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Infcribed to Mifs ***

AIREST, this vision is thy due,

I form'd th' inftructive plan for you.
Slight not the rules of thoughtful age,
Your welfare actuates every page;
But ponder well my facred theme,

And tremble, while you read my dream.
Thofe aweful words,

""Till death do part,"

May well alarm the youthful heart:
No after-thought when once a wife;
The die is cast, and cast for life;
Yet thousands venture ev'ry day,
As fome base paffion leads the way.
Pert Silvia talks of wedlock-fcenes,
Tho' hardly enter'd on her teens ;
Smiles on her whining spark, and hears
The fugar'd speech with raptur'd ears;
Impatient of a parent's rule,

She leaves her fire and weds a fool.
Want enters at the guardless door,
And Love is fled, to come no more.


Some few there are of fordid mould,
Who barter youth and bloom for gold;
Careless with what, or whom they mate,
Their ruling paffion's all for ftate.
But Hymen, gen'rous, juft, and kind,
Abhors the mercenary mind:

Such rebels groan beneath his rod,
For Hymen's a vindictive God:
Be joyless ev'ry night, he said,
And barren be their nuptial bed.

Attend, my fair, to wifdom's voice,
A better fate fhall crown thy choice.
A married life, to speak the best,
Is all a lottery confeft:

Yet if my fair one will be wife,
I will infure my girl a prize;
Tho' not a prize to match thy worth,
Perhaps thy equal's not on earth.

'Tis an important point to know,
There's no perfection here below.
Man's an odd compound, after all,
And ever has been fince the fall.
Say, that he loves you from his foul,
Still man is proud nor brooks controuk,
And tho' a flave in love's foft school,
In wedlock claims his right to rule.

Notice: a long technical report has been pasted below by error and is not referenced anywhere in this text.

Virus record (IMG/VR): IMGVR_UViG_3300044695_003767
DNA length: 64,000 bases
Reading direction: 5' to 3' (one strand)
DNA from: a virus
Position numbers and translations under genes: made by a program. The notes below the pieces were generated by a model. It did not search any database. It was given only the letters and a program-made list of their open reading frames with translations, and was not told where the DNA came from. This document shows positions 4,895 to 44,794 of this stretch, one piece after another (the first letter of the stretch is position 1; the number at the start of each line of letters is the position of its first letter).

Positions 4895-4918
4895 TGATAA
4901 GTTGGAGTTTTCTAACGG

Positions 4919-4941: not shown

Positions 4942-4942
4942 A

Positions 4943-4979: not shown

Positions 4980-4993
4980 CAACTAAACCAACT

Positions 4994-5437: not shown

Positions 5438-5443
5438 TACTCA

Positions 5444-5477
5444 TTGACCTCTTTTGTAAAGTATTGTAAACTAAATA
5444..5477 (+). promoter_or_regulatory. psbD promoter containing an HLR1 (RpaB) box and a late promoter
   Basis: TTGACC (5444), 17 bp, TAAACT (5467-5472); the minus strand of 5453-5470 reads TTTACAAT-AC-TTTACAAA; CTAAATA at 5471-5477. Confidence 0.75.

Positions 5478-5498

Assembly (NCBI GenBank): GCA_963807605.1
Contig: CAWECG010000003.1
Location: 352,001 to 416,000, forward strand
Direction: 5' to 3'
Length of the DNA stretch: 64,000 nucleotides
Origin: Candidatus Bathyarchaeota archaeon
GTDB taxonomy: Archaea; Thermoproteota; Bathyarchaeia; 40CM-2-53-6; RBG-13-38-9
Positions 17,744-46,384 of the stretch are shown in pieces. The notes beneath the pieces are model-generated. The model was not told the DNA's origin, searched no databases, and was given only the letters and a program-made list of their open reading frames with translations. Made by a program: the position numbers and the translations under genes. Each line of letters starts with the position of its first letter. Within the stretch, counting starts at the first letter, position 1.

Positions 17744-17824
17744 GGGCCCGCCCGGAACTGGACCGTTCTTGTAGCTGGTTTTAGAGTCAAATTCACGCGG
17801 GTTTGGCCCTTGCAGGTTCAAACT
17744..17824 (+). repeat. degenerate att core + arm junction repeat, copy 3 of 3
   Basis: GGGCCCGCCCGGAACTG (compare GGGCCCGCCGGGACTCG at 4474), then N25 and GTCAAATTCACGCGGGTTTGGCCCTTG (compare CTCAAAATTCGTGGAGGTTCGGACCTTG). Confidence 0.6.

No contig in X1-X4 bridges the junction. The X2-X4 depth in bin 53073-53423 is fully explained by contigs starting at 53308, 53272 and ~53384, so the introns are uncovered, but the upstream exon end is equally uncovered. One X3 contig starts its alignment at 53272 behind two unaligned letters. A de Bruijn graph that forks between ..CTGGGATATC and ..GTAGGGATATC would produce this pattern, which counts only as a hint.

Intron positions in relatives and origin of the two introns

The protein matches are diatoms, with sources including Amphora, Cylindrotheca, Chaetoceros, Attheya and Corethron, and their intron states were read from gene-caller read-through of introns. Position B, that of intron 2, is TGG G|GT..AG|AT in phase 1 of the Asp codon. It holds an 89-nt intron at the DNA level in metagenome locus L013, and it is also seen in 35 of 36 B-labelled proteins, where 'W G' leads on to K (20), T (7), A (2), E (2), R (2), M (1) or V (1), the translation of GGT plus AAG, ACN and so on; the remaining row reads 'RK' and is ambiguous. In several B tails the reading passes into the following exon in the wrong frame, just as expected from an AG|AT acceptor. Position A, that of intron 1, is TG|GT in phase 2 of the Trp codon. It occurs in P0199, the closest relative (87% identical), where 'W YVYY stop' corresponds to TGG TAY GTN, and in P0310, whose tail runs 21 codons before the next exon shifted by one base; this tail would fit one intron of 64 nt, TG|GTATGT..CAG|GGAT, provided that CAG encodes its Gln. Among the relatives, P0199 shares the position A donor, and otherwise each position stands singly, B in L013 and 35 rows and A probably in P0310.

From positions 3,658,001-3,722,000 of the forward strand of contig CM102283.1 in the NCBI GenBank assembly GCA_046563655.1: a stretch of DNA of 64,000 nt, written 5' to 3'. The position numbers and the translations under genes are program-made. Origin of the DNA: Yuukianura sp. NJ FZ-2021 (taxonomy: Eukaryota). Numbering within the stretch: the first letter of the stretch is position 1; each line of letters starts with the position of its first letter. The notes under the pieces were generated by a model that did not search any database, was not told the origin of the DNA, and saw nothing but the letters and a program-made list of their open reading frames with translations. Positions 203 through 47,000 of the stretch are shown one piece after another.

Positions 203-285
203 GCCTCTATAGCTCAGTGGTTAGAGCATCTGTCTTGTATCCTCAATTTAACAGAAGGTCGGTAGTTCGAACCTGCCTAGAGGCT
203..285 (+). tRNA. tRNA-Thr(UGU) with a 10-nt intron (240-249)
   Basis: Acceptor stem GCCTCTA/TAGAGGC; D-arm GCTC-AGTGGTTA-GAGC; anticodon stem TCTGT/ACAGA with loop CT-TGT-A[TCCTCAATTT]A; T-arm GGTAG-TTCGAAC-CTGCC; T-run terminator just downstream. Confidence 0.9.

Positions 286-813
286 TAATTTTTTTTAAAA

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The beft, in fhort, has faults about him,

If few those faults, you must not flout him.
With fome, indeed, you can't difpenfe,
As want of temper, and of fense.
For when the fun deferts the skies,
And the dull winter evenings rife,
Then for a husband's focial pow'r,
To form the calm, converfive hour;
The treasures of thy breaft explore,
From that rich mine to draw the ore;
Fondly each gen'rous thought refine;
And give thy native gold to fhine;
Shew thee, as really thou art,

Tho' fair, yet fairer ftill at heart.

Say, when life's purple bloffoms fade,
As foon they muft, thou charming maid;
When in thy cheeks the roses die,

And fickness clouds that brilliant eye;
Say, when or age or pains invade,

And those dear limbs fhall call for aid;
If thou art fetter'd to a fool,
Shall not his tranfient paffion cool?
And when thy health and beauty end,
Shall thy weak mate perfift a friend?
But to a man of fenfe, my dear,
Ev'n then thou lovely fhalt appear;


He'll share the griefs that wound thy heart,
And weeping claim the larger part;
Tho' age impairs that beauteous face,
He'll prize the pearl beyond its cafe.
In wedlock when the fexes meet,
Friendship is only then compleat.

"Bleft ftate! where fouls each other draw,
"Where love is liberty and law!

The choiceft bleffing found below,

That man can wifh, or heaven bestow!
Trust me, these raptures are divine,
For lovely Chloe once was mine!

Nor fear the varnish of my ftile,

Tho' poet, I'm eftrang'd to guile.
Ah me! my faithful lips impart
The genuine language of my heart!
When bards extol their patrons high,
Perhaps 'tis gold extorts the lye;
Perhaps the poor reward of bread-

But who burns incenfe to the dead!
He, whom a fond affection draws,
Careless of cenfare, or applaufe;
Whofe foul is upright and fincere,

With nought to with, and nought to fear.

Now to my vifionary scheme,

Attend, and profit by my dream.



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Amidst the flumbers of the night

A ftately temple 'rofe to fight;
And ancient as the human race,

If Nature's purposes you trace.
This fane, by all the wife rever'd,
To Wedlock's pow'rful God was rear'd.
Hard by I faw a graceful fage,

His locks were frofted o'er by age;

His garb was plain, his mind ferene,

And wisdom dignify'd his mien.

With curious fearch his name I fought,

And found 'twas Hymen's fav'rite-Thought.
Apace the giddy crowds advance,
And a lewd fatyr led the dance;

I griev'd to fee whole thousands run,

For oh! what thousands are undone !

The fage, when thefe mad troops he spy'd,

In pity flew to join their fide;

The difconcerted pairs began

To rail against him to a man;

Vow'd they were ftrangers to his name,
Nor knew from whence the dotard came.
But mark the fequel-for this truth
Highly concerns impetuous youth:
Long ere the honey moon cou'd wane,
Perdition feiz'd on ev'ry twain;

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